Before contracting with you for service, your client will want to know exactly how much the project will cost them. Costings include consultancy charges and any expenses that will be incurred and recharged to the client.

There are many ways of developing budgets for your projects. You can create budgets in accounting and project management software, or manually using spreadsheet software such as Microsoft Excel.

A confidentiality, or non-disclosure, agreement demonstrates both the client’s and the consultant’s commitment to preserving the privacy of each other’s business interests.  The level of confidentiality that must be maintained depends on the unique nature a specific engagement.

A sample confidentiality agreement is available here.

A letter of engagement is a formal agreement between a client and consultant, and is also referred to as a contract. This agreement binds the consultant and client together for the length of the consulting engagement. It illustrates the intentions of the client and consultant to work together in a specified way for a definitive period of time in order to achieve particular goals. Ultimately, this document holds all of the information included in the initial proposal along with a signature block to illustrate agreement.

A sample letter of engagement, or contract, can be accessed here.

An overview of the requirements for success before the assignment, based on the Offering Phase in the EN 16114 Management Consultancy Services Standard, is set out below:

Purpose To reach an agreement between the consultant and client on the services to be provided.
Input Include perceived needs, expectations and desire of the client, potential constraints and risks, and any significant changes beyond the scope of the change control process.
Outcome A legally binding agreement between the practice and the client specifying the services and the deliverables, and establishing the rights and obligations for each of the parties.
A proposal from the consultancy practice to the client should include typical contents as below:
Context Background information, assumptions, scope and limits – relevant facts, e.g. organisation’s current situation, client’s objectives, why work needs to be done, assumptions and their impact, and scope and limits of assignment; ensuring the client understands the need to share all relevant and significant information. 

 

Constraints and risks – as known and identified; risks monitored during Execution phase. 

 

Stakeholders – Specified in this section.

Services & deliverables Description of services, outcomes, and deliverables or outputs. Specific, measurable and achievable, relevant and time-bound objectives so results can be evaluated.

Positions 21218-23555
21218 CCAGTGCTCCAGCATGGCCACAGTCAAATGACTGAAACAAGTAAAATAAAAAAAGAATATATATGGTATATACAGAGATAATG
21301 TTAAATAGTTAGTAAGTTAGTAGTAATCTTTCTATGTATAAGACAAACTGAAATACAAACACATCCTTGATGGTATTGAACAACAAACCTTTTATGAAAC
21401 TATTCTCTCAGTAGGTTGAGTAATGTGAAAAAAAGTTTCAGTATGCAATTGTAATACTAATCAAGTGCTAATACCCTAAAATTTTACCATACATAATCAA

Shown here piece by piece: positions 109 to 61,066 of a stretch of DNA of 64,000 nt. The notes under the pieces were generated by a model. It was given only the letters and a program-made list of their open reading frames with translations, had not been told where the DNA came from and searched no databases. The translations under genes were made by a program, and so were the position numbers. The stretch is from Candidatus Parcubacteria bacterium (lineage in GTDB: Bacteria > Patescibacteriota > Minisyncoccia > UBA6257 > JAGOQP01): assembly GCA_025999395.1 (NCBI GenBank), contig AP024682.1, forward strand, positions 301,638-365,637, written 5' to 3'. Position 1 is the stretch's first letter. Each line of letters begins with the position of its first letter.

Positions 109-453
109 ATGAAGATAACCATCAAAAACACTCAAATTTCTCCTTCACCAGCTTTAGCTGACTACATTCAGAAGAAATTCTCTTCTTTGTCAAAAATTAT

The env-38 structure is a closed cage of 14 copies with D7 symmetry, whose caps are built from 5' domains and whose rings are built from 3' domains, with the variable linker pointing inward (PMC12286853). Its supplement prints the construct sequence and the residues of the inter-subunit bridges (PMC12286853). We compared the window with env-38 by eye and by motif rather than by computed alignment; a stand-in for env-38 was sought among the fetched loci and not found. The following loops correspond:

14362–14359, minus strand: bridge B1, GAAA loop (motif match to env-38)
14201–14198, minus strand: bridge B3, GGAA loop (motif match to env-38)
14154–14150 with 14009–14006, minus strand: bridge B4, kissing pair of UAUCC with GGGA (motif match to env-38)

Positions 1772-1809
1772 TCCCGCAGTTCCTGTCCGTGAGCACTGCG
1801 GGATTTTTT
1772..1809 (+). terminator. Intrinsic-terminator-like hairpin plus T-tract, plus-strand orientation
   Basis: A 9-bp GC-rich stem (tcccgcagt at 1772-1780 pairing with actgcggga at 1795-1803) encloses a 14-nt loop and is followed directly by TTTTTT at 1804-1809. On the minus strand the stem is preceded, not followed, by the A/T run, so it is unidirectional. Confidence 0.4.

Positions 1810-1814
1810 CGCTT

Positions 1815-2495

Approach & work plan Work plan for operational planning of the services including, as appropriate,:

– objectives, scope;

– change management;

– contents;

– documentation;

– data, information and technological resources;

– organization;

– consultancy practice’s human resources and their responsibilities;

– client’s human resources and their responsibilities;

– timetable;

– project management methods (including acceptance stages, notification of delays, decision process, stages for assignment delivery, methodology, etc.);

– communications (including channels, methods, etc.);

– escalation procedures (in case of deviations from the agreement);

– quality programme;

– deliverables or outputs.

Roles and responsibilities Roles, responsibilities & resources specified (incl. client personnel, data & documentation).

 

Assignment monitoring and control – decision-making, direction and control processes, including designation of project ‘sponsor’ or project ‘leader’ for project governance role; processes consistent with client’s corporate governance. 

 

Evaluation of the assignment – how evaluation is carried out, e.g. measurable milestones, how objectives are evaluated and to whom interim and final evaluation results reported.

Terms and conditions Commercial terms – terms and conditions, fees & charges, payment schedule, expenses, etc. 

 

Contracting standard terms and conditions – pertinent to relevant legal and regulatory requirements, and statutory obligations, e.g. ownership of material and outputs, user rights, licensing, intellectual property rights, liability limits, etc.; may refer to applicable professional standard, and to governing law for cross border and international services. 

 

Policies – requirements, responsibilities and activities relating to policies applicable such as the regulatory framework, communication, ethics, corporate social responsibility, capability, quality, guarantees, health and safety, and any other agreed item.